Ready for the 3-4

In 2005, Romeo Crennel changed the Cleveland Browns defensive system from the 4-3 of Butch Davis to his favored 3-4 system. The Browns defense did well despite not having the right mix of personnel to run the system. In 2006, Crennel now has the right pieces in place...

Fifteen months after declaring the Browns would switch to a 3-4 defense, Coach Romeo Crennel has the personnel to make the defense work. That was not the case last season when key ingredients were missing.

The Browns had no pass-rushing linebacker threat in 2005. Now they have two with Willie McGinest and rookie Kamerion Wimbley. They also went the old-young route at nose tackle with Ted Washington and rookie Babatunde Oshinowo.

McGinest and Washington have played a combined 28 years in the NFL. Their leadership, as much as their skill, is imperative to making the Browns a winning team. The Browns have finished above .500 only once since returning to the NFL, finishing 9-7 in 2002.

"I'm looking forward to getting on the field and learning from Willie McGinest," Wimbley said. "I know he just came to the Browns as well. He has a lot of knowledge just from playing in the NFL. He knows what it takes just to survive and have a long career. I'm looking forward to learning from him."

Oshinowo had similar remarks about learning from Washington. Physically, they are very different. At 370 pounds, Washington is 60 pounds heavier than the rookie, yet Oshinowo says he can learn technique from Washington, and it probably will not take him long to absorb the information. Oshinowo has a degree in electrical engineering from Stanford.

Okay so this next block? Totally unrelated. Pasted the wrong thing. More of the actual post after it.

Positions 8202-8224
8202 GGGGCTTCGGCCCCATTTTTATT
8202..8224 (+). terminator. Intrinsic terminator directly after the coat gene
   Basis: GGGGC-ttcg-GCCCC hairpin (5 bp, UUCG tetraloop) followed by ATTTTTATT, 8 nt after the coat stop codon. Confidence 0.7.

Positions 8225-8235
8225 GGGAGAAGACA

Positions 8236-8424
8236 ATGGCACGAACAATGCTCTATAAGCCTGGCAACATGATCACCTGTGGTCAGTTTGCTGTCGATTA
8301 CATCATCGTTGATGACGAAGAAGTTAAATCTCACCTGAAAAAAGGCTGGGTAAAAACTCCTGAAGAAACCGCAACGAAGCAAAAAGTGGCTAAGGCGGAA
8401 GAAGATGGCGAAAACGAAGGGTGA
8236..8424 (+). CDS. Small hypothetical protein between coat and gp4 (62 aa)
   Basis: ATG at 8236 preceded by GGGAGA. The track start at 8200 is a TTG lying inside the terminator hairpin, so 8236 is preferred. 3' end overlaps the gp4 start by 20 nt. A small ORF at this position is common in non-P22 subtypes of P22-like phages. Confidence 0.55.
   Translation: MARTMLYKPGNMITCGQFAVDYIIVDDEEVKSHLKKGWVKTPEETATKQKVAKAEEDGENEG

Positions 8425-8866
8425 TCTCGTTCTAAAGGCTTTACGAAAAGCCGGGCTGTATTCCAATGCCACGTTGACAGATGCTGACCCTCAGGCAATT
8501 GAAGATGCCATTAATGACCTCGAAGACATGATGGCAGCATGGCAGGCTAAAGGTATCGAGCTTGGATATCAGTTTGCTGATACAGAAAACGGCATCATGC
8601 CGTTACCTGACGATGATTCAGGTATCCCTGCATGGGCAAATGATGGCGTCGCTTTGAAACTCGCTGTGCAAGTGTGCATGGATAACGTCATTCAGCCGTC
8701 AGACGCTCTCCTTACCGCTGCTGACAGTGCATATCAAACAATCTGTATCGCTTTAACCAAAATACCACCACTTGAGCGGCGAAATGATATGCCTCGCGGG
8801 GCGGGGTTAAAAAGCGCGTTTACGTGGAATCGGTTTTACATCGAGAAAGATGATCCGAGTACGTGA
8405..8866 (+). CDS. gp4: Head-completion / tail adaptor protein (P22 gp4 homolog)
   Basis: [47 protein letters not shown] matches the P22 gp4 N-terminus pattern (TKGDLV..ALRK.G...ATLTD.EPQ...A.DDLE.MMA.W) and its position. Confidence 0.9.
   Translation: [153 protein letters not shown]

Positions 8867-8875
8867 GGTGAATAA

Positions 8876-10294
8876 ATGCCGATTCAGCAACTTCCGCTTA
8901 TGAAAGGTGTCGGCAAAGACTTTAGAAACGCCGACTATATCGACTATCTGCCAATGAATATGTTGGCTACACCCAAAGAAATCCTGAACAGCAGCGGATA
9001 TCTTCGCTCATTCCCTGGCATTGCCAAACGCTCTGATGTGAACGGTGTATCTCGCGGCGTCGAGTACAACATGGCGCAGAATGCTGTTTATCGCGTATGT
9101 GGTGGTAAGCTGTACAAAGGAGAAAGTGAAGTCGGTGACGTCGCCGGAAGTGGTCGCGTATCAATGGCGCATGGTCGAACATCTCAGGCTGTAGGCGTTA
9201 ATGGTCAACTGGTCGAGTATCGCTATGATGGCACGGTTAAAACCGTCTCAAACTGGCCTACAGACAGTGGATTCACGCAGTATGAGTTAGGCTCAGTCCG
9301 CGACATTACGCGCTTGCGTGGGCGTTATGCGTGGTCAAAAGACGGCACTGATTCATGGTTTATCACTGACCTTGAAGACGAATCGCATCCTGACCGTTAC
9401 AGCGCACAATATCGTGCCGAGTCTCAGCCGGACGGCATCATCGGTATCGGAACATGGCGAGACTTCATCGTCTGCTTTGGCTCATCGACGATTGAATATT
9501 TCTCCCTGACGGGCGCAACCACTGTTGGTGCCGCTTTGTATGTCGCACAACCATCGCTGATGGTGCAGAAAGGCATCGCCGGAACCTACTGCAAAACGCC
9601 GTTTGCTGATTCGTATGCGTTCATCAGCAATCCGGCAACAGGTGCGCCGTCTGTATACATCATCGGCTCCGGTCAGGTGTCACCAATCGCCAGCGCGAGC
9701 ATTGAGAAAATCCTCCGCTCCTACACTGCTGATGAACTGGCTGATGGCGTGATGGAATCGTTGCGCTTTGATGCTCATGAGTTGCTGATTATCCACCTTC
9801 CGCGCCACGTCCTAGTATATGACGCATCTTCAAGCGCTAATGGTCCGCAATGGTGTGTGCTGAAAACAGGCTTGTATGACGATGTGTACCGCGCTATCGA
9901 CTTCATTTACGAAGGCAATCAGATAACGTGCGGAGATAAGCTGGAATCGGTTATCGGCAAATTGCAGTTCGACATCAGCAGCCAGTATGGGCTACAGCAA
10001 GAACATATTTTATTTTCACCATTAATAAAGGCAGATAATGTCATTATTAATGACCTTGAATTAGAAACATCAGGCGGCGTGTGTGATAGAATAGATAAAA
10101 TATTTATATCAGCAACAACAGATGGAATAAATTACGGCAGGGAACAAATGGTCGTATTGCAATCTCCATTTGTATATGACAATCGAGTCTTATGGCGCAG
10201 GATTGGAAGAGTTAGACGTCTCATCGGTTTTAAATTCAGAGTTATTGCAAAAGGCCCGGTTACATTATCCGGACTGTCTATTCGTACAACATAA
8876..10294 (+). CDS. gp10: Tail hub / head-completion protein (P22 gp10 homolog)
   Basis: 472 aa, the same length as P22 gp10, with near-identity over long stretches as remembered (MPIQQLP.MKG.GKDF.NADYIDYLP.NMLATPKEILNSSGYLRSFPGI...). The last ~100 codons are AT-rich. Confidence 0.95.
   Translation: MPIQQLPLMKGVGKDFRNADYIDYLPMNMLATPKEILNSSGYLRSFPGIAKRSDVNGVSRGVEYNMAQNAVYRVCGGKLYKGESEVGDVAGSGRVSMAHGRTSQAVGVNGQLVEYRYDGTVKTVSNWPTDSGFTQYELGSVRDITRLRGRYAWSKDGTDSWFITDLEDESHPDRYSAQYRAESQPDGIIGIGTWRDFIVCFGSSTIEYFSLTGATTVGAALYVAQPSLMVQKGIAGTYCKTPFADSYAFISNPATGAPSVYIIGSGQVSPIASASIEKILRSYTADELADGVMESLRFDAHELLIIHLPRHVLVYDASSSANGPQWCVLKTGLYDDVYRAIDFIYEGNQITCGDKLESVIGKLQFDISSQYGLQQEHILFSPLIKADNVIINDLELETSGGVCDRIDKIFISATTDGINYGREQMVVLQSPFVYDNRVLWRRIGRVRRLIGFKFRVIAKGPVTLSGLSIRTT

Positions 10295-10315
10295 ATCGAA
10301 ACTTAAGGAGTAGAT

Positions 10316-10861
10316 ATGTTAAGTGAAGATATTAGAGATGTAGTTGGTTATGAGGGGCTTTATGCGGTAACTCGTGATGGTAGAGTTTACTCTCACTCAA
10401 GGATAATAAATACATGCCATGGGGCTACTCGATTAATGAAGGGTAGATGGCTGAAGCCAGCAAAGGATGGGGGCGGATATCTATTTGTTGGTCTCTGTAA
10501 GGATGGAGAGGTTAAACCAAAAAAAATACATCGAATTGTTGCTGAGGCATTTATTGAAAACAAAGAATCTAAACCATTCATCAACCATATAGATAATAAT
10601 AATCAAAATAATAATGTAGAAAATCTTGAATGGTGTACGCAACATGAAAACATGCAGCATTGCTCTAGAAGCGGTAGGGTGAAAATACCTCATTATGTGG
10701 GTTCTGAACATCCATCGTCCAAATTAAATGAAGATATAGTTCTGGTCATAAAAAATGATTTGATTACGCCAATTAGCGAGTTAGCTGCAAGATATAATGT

"Playing with Ted Washington and playing for coach Crennel, it's a great thing," Oshinowo said. "We have played in a 3-4 set for the past two years. I have played in and had a lot of success in the system. That's what I've been the most comfortable with. I would say nose tackle is the one thing that I do well."

The Browns were last in the league with 23 sacks last season and 30th in run defense. The additions of Washington and McGinest in free agency plus Wimbley and Oshinowo in the draft should change those numbers dramatically. Yet despite poor run defense and virtually no pass rush, the Browns allowed only 301 points. Three teams that allowed more were in the playoffs.

Crennel envisions more third-down success with better personnel on defense, which in turn should provide better field position for the offense. The Browns were last in the league with 232 points scored. That is nearly a 200-point differential from the Bengals, who scored 421 points.

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